a. Go to https://www.python.org/download/releases/2.7.6/

b. Pick the file that corresponds to your operating system

c. Ensure that your PATH environmental variable points to the Python.exe file.

3- Get Protobuf =>

a. Install both protobuf compiler and source files from https://code.google.com/p/protobuf/downloads/list

b. Install hg Mercurial at http://mercurial.selenic.com/downloads

c. To get the Go protocol buffer libraries, type go get -u code.google.com/p/goprotobuf/… from your command console.

d. To get  and build the Python Protobuf libraries, check the README.txt file in the Python folder included in the Protobuf for build and install instructions. Typically it involves typing Python setup.py install

Preparing your Protobuf message

Before you write any code, you need to first define the Protobuf message that will include the data you need to be serialized and sent. Here is what you need to do:

1- Design the shape and structure of the message based on the data that you need serialized

2- Write a proto file that describes your message

3- Use the Protocol Buffer compiler file (Protoc) to convert the Proto file to a library specific to your programming language of choice so that you can include it in your code

4- For a practical example about how to go about Preparing your Protobuf message, check the section below. Otherwise for detailed information about how to write the Proto file, check https://developers.google.com/protocol-buffers/docs/proto

Creating and using the Proto file for our project

Let’s illustrate preparing a Protobuf message by preparing a message for our project:

Imagine that I need to serialize and send a message called “TestMessage” ,which includes information identifying the client that sent it. The client information needed is the client name, the client ID and the client type. I also want my message to include a list of items, such that each item has an ID, a name, a value and a type. Now for the purpose of of this tutorial, I want the package or library name that includes all of this to be called “ProtobufTest”.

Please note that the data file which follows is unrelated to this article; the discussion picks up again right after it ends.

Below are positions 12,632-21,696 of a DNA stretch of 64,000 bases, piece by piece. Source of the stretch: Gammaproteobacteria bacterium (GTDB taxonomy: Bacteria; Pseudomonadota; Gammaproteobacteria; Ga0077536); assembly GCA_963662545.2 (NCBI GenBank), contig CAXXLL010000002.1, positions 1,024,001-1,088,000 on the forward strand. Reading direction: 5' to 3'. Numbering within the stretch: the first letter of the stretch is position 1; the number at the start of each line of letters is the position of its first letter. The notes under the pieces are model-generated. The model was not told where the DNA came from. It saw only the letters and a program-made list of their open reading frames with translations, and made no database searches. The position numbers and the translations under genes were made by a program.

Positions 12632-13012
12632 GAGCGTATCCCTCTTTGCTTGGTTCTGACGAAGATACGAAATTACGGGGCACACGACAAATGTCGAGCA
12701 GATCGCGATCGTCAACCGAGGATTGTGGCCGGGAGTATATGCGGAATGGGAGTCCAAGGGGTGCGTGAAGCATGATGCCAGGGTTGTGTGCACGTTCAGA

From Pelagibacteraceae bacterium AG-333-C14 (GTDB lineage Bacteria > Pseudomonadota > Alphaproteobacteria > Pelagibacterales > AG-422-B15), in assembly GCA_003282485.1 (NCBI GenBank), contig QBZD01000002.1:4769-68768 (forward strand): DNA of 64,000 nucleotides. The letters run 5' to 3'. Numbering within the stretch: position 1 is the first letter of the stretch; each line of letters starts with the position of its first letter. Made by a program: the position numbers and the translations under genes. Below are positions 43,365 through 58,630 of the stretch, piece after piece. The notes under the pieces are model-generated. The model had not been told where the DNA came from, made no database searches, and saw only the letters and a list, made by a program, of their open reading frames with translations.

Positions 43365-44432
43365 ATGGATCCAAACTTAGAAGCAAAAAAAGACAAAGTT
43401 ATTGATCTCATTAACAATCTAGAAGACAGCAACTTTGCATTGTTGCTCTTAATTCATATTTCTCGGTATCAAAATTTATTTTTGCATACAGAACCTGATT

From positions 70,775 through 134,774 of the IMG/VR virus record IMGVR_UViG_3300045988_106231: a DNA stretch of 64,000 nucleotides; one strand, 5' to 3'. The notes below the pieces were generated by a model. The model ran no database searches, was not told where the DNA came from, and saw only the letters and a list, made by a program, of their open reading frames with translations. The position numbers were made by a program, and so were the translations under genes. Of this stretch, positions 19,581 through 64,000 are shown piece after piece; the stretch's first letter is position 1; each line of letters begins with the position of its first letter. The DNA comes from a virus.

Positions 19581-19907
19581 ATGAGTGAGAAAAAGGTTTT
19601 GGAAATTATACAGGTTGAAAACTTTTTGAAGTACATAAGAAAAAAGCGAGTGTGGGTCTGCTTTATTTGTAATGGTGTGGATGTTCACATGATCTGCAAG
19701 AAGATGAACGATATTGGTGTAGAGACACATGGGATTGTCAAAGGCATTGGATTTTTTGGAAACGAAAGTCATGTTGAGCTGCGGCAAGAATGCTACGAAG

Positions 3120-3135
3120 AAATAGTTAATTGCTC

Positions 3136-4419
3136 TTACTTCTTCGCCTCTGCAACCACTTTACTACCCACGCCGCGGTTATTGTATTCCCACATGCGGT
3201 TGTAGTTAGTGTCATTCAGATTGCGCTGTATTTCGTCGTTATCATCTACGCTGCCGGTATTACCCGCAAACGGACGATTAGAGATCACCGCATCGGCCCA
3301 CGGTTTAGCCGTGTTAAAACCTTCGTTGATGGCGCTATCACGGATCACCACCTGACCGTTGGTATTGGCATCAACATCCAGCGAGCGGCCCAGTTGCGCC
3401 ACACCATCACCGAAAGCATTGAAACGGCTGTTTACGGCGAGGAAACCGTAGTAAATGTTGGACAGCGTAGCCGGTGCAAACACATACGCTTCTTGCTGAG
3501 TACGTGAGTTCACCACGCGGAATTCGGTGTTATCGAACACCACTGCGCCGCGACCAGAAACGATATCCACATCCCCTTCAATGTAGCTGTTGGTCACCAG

Here’s a sketch for how the TestMessage looked like inside my head, let’s assume 5 items are included in the message for now:

clip_image001

1- To define a message called “TestMessage” in a proto file, it’s as simple as typing

message TestMessage{
    //add your message body here
}

2- We agreed that the package or library name is to be called “ProtobufTest”, this can be defined by using the “package” keyword in the Proto file, and don’t forget the semicolon:

package ProtobufTest;

message TestMessage    {
   //add your message body here
}

3- Let’s say that the item type can only be one of three types: TypeX, TypeY or TypeZ. This can be achieved by using an enum type as follows:

enum ItemType {
  TypeX = 0;
  TypeY = 1;
  TypeZ = 2;
}

4- Now assuming that the only fields that must be filled in the message are the client ID, the client name , and each item ID. The Proto file will end up looking like this:

package ProtobufTest; message TestMessage { required string clientName = 1; required int32 clientId = 2; optional string description = 3 [default = "NONE"]; repeated MsgItem messageitems = 4; enum ItemType { TypeX = 0; TypeY = 1; TypeZ = 2; } message MsgItem { required int32 id = 1; optional string itemName = 2; optional int32 itemValue = 3; optional ItemType itemType = 4; } } read more